No Agreement on the UK Bill of Rights

A commission of nine government-appointed experts failed to reach an agreement about the UK Bill of Rights. These experts spent a year and a half looking at the current Human Rights Act with the idea of replacing it with an independent UK Bill of Rights.

Their decision to replace it was due to the fact that The Human Rights Act 1998 is currently criticized because of its association withEurope. It has been said to bring theUKin line with the European Convention on Human Rights.

Many critics claim theUKdoes not have any control over its own human right laws because it was forced to agree to the changes proposed by the European Court of Human Rights. An example of this turns out to be the conflict between the government and the ECHR on the topic of prisoner voting rights.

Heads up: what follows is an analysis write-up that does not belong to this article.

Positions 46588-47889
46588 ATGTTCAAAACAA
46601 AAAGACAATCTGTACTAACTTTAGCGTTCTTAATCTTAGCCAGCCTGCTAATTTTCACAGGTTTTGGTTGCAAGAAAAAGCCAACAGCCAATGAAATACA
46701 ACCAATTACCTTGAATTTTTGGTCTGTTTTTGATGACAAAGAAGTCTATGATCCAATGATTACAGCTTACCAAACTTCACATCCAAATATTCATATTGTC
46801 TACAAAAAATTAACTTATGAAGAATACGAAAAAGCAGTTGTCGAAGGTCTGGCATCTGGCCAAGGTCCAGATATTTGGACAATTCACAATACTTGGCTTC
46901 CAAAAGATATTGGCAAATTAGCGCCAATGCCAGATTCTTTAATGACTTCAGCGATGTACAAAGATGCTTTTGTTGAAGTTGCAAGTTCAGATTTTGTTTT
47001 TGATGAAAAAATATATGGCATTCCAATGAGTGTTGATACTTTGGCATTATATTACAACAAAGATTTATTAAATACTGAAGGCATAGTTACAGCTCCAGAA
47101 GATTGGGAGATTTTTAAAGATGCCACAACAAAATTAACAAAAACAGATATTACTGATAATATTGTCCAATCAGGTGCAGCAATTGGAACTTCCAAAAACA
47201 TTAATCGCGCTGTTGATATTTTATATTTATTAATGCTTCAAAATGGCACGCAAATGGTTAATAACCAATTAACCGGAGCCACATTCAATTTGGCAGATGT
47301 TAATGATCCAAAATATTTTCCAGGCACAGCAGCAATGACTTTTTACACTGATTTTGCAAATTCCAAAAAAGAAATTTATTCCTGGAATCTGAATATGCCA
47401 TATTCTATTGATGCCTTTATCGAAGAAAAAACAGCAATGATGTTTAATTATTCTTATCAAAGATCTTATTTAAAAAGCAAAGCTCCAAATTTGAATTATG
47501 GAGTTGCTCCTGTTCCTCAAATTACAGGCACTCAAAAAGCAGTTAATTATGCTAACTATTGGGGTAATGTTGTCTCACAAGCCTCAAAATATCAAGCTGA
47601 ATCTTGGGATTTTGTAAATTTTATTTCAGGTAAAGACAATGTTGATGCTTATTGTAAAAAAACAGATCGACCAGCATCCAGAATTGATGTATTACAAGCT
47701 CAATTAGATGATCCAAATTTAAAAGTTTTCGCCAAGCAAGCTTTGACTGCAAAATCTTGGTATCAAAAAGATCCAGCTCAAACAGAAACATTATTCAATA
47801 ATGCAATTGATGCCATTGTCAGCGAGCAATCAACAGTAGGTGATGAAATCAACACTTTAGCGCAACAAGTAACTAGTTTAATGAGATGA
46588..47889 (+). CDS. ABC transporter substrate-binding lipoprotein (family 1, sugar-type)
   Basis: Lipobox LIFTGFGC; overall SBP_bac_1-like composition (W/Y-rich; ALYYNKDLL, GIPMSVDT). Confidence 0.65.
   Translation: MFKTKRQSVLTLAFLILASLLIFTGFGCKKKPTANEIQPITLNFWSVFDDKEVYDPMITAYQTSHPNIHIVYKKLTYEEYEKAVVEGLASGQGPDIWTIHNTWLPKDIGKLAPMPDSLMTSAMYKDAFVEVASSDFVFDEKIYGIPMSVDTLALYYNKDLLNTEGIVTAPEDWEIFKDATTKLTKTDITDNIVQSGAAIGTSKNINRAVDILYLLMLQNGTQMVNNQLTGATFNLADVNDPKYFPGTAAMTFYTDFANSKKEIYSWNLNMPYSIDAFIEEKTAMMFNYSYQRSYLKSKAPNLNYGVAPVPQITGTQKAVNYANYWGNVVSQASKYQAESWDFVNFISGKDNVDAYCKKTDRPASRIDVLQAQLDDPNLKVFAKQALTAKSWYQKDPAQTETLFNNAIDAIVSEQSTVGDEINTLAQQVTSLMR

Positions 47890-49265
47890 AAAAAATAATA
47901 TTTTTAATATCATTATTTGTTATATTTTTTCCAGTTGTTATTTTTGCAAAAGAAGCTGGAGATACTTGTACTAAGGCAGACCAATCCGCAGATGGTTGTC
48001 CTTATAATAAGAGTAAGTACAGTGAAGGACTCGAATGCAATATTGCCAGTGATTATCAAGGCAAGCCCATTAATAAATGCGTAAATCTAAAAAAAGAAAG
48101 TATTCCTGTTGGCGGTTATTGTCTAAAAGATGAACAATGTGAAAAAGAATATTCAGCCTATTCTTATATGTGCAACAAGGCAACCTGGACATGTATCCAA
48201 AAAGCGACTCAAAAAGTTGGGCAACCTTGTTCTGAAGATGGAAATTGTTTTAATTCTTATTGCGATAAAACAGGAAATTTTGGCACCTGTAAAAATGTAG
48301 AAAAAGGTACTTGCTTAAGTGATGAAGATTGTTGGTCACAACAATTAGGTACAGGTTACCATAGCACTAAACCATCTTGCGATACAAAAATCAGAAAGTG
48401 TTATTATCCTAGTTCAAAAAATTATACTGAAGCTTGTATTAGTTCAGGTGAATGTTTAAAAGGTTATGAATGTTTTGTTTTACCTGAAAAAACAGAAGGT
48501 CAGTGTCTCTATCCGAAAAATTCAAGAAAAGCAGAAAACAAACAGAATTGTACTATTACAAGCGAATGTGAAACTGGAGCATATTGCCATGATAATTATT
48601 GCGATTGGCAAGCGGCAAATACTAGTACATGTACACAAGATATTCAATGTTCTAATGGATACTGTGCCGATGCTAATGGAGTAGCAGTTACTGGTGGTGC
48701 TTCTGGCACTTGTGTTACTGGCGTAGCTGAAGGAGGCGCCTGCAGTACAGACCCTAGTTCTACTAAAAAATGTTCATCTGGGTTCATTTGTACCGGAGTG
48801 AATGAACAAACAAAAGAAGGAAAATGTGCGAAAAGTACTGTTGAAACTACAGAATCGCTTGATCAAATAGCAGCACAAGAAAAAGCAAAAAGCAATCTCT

In opposition to the conservatives who had been in favour of a UK Bill of Rights, appeared people like their Lib Dem colleagues within the coalition, whose deputy is PM Nick Clegg and who are not that enthusiastic.

Seven of the members were pro and the other two were con the idea that the Bill of Rights was worth pursuing. These two were, Labour peer Baroness Kennedy and law professor Philippe Sands, whose opinion is that a UK Bill of Rights would “be used to strip people of basic rights and decouple theUKfrom the European Convention”.

The fact that the commission did not manage to come to an agreement appeared as a blow for David Cameron, who recently showed his dissatisfaction with today’s European human rights law and accused ECHR that they wanted to giveUKprisoners the vote.

There were some signs showing that there was almost no chance that the commission’s decision goes in favour of the Tories.

Dr Michael Pinto-Duschinsky was the member who resigned from the commission in May. Before leaving, he accused Nick Clegg and former justice secretary Ken Clarke that they were ready to do everything in favour of Europe.

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